Membrane proteins are crucial drug targets in a wide range of diseases. But, because they’re not naturally abundant, explains Roslyn Bill, a Reader in Molecular Biosciences at Aston University, synthetically generated membrane proteins are what’s needed.
Her research and that of her team (see left) is to find effective and efficient ways to synthesise these synthetic proteins in ‘cell factories’, simple host cells which can be grown on a large scale.
There’s an interview with Roslyn on our YouTube channel here.
Dr Bill was a Fulbright Scholar at the University of Michigan after gaining a First and a PhD at Oxford University, where she also did post-doc work. She was also an Assistant Professor at Chalmers University of Technology in Sweden where she was a start-up shareholder in Gotha Yeast Solutions AB before she came to Aston University.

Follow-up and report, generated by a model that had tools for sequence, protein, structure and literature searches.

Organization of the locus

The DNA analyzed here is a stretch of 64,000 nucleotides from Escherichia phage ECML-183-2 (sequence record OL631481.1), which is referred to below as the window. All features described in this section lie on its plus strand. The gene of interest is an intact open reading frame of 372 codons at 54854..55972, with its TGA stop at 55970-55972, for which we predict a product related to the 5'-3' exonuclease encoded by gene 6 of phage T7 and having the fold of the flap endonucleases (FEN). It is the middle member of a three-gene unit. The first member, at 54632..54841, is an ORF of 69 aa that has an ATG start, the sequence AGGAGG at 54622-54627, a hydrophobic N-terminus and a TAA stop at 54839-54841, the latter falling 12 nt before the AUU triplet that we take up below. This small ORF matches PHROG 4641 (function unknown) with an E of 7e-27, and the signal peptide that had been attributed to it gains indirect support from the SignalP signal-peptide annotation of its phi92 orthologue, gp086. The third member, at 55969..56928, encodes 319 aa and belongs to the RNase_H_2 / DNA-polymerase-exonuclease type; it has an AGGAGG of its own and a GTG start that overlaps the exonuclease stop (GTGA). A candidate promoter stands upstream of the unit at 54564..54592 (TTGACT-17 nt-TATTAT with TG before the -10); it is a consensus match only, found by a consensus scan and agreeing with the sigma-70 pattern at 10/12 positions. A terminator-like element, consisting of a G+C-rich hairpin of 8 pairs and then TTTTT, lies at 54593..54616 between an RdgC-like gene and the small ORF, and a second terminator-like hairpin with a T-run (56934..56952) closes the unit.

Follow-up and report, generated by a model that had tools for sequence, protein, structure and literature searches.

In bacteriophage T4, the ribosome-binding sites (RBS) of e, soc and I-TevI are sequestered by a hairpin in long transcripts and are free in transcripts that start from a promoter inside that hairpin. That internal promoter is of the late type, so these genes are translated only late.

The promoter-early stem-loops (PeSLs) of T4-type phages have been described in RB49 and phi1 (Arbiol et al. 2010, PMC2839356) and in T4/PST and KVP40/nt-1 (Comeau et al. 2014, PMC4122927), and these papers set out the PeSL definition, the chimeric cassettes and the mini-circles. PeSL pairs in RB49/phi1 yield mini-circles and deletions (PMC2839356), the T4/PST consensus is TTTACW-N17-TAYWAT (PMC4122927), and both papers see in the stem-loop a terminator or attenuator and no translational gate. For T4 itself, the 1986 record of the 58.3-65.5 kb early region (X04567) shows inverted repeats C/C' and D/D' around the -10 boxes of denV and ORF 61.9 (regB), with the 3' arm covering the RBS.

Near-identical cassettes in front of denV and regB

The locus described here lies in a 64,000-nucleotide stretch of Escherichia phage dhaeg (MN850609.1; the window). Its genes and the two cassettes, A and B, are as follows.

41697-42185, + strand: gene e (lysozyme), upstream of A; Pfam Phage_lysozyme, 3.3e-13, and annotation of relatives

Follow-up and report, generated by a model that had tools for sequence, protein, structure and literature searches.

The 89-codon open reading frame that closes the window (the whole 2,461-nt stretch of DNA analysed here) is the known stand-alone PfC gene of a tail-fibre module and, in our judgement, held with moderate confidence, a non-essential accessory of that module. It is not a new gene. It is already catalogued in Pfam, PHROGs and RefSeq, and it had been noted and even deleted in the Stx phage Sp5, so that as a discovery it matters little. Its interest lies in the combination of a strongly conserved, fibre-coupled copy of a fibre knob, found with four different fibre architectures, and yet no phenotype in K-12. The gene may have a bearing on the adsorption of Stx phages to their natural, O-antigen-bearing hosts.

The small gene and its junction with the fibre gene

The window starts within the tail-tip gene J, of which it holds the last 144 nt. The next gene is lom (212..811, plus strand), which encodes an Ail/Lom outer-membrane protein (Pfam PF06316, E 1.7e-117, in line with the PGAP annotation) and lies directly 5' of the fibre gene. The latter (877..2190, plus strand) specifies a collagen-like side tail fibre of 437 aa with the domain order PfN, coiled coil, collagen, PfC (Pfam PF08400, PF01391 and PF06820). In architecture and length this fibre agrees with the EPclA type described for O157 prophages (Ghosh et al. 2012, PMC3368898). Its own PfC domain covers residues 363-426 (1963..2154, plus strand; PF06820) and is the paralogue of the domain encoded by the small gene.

Her research interests are in understanding the molecular features defining successful protein production in yeasts, with an emphasis on membrane proteins such as water and glycerol channels, tetraspanins and G protein-coupled receptors. Many of these membrane proteins are potential drug targets. Her work is funded by EPSRC, BBSRC and the European Commission and she has worked in collaboration with industrial partners throughout her career, as her research is central to progress in the drug discovery pipeline.